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Expect Alaska fishing, hunting, trapping fees to leap next year

  • Author: Mike Campbell
  • Updated: December 28, 2016
  • Published November 15, 2016

Anglers, hunters and trappers will fork over more cash next year to pursue their favored critter — in some cases considerably more.

Virtually every Alaska hunting, fishing and trapping license will be more expensive — up to 80 percent more for residents and up to 200 percent more for nonresidents.

About the only ones escaping beefy price hikes are nonresidents buying an annual sport fishing license ($145) and king salmon stamps for both resident ($10) and nonresident ($100) anglers.

Price hikes were part of House Bill 137, which passed during the last legislative session. It's the first time in 24 years hunting license and tag fees have increased and the first time in 10 years for fishing licenses.

"Alaska's new prices are in line with other states," Fish and Game Commissioner Sam Cotten said in a press release, adding that they're "significantly less expensive for resident hunters because Alaskans don't pay resident hunting tag fees."

Widespread impact

Hundreds of thousands of Alaskans and outdoorsy visitors will be affected.

• Some 329,000 resident hunting, fishing and trapping licenses were sold in 2015, the last year for which information is available.

• Nearly as many, 306,000, were purchased by nonresidents, who paid $7.6 million more than residents for the privilege.

• All told, sales of licenses, tags and stamps to anglers, hunters and trappers brought in $26.4 million.

Sportsmen and women looking to save money can take advantage of a grace period through the end of this year that will allow 2017 licenses to be purchased at 2016 prices.

The fee increases are expected to raise an additional $9 million for the Alaska Department of Fish and Game next year, according to a news release from Gov. Bill Walker. The increases help offset deep cuts to the department's funding from the state's unrestricted general fund. Last year, the department received $79.3 million from the fund. This year, the budget calls for $66.4 million.

Money collected from anglers, hunters and trappers isn't bound for the state's general fund. Rather, it's used to fund state fish and wildlife management.

Raising fees also will allow Alaska to rake in more money from the federal Pittman-Robertson Wildlife Restoration and Dingell-Johnson Sport Fish Restoration programs. Federal dollars are matched 3-to-1 by state money, so more state money allows the annual total to grow.

"We've become increasingly unable to match wildlife dollars," said Maria Gladziszewski, deputy director of the state Division of Wildlife Conservation. "As hunters and shooters purchased more firearms and ammunition, the dollars available to Alaska from those sources has increased. With not enough state license dollars to match federal dollars, we were at risk of (sending back) federal dollars."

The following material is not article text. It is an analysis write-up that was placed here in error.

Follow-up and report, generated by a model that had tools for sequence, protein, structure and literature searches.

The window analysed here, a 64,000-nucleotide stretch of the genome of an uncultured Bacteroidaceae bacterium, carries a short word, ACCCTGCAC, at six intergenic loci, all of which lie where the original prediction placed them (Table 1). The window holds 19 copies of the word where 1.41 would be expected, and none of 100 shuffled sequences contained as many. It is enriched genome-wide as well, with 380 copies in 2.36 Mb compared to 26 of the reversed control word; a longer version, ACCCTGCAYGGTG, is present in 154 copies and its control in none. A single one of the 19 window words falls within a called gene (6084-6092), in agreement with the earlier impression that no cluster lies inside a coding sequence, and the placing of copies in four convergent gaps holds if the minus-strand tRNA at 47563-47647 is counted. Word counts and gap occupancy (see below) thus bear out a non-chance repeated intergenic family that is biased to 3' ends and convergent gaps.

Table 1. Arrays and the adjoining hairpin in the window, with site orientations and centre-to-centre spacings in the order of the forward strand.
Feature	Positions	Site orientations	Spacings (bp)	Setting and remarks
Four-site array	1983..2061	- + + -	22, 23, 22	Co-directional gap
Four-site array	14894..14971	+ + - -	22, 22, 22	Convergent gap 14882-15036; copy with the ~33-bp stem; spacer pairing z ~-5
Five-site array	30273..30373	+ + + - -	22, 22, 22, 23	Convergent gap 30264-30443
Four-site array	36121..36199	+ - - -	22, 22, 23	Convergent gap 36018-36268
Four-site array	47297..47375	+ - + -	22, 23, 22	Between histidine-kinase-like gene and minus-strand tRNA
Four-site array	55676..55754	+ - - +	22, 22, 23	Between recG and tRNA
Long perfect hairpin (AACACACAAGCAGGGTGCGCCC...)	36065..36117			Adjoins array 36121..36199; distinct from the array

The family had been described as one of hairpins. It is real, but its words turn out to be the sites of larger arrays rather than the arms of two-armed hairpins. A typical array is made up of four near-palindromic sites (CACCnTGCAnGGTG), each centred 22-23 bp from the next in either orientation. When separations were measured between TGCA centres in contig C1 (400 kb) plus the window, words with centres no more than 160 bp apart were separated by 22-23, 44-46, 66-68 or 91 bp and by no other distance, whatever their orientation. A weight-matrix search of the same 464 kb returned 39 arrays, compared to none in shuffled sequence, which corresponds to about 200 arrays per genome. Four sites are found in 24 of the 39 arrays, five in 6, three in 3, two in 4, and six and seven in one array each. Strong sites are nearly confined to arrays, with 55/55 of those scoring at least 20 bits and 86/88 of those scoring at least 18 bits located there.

$48 million boost

Pittman-Robertson and Dingell-Johnson are funded by excise taxes paid by hunters, shooters, anglers, trappers and boaters nationwide.

This year, the two programs gave Fish and Game a $48 million boost; that's about a third of the entire Alaska Department of Fish and Game budget.

In fact, Pittman-Robertson funds and license sales cover most of the department's wildlife budget, while Dingell-Johnson coupled with license sales pay for most of the sportfish budget.

"The funds have allowed our biologists to ensure that innumerable fish and wildlife species in our state not only persist, but thrive to provide sustainable food resources and recreational opportunities," Cotten said.

In the last eight years, wildlife restoration funds through Pittman-Robertson have grown 108 percent, a jump that Deputy Fish and Game Commissioner Kevin Brooks attributed to "an unprecedented level of gun and ammo sales at the national level. It's off the charts."

Trump win means decline

However, the Donald Trump victory sent gun manufacturers' stocks into an immediate nosedive, which may have some long-term effect on those funds.

"The stocks are selling off because Donald Trump is a solid gun rights supporter and there are no longer worries about new gun control laws that Hillary Clinton could have pursued," Chris Krueger, an analyst at Lake Street Capital Markets LLC, told the Huffington Post. "This means that there likely will not be a surge in sales at firearms retailers in the coming months."

An array of outdoors and conservation groups including the Alaska Outdoor Council, the Alaska Professional Hunters Association, Kenai River Sportfishing Association, Safari Club International and Territorial Sportsmen supported raising the fees.

"Hunters have been doing this (funding wildlife conservation programs) for 80 years, and they're used to it," Gladziszewski said. "They stepped up again, which is awesome."

The Pittman-Robertson Act became law in 1937, when the firearms and ammunition industry asked Congress to impose a tax on their products to help fund wildlife conservation in the country. Since then, some $10 billion has been collected, money that has helped rebuild several wildlife populations. The excise tax is set at 11 percent of the wholesale price for long guns and 10 percent for handguns.

Reach Mike Campbell at

Correction: An earlier version of this story misspelled the name of Fish and Game Commissioner Sam Cotten. 

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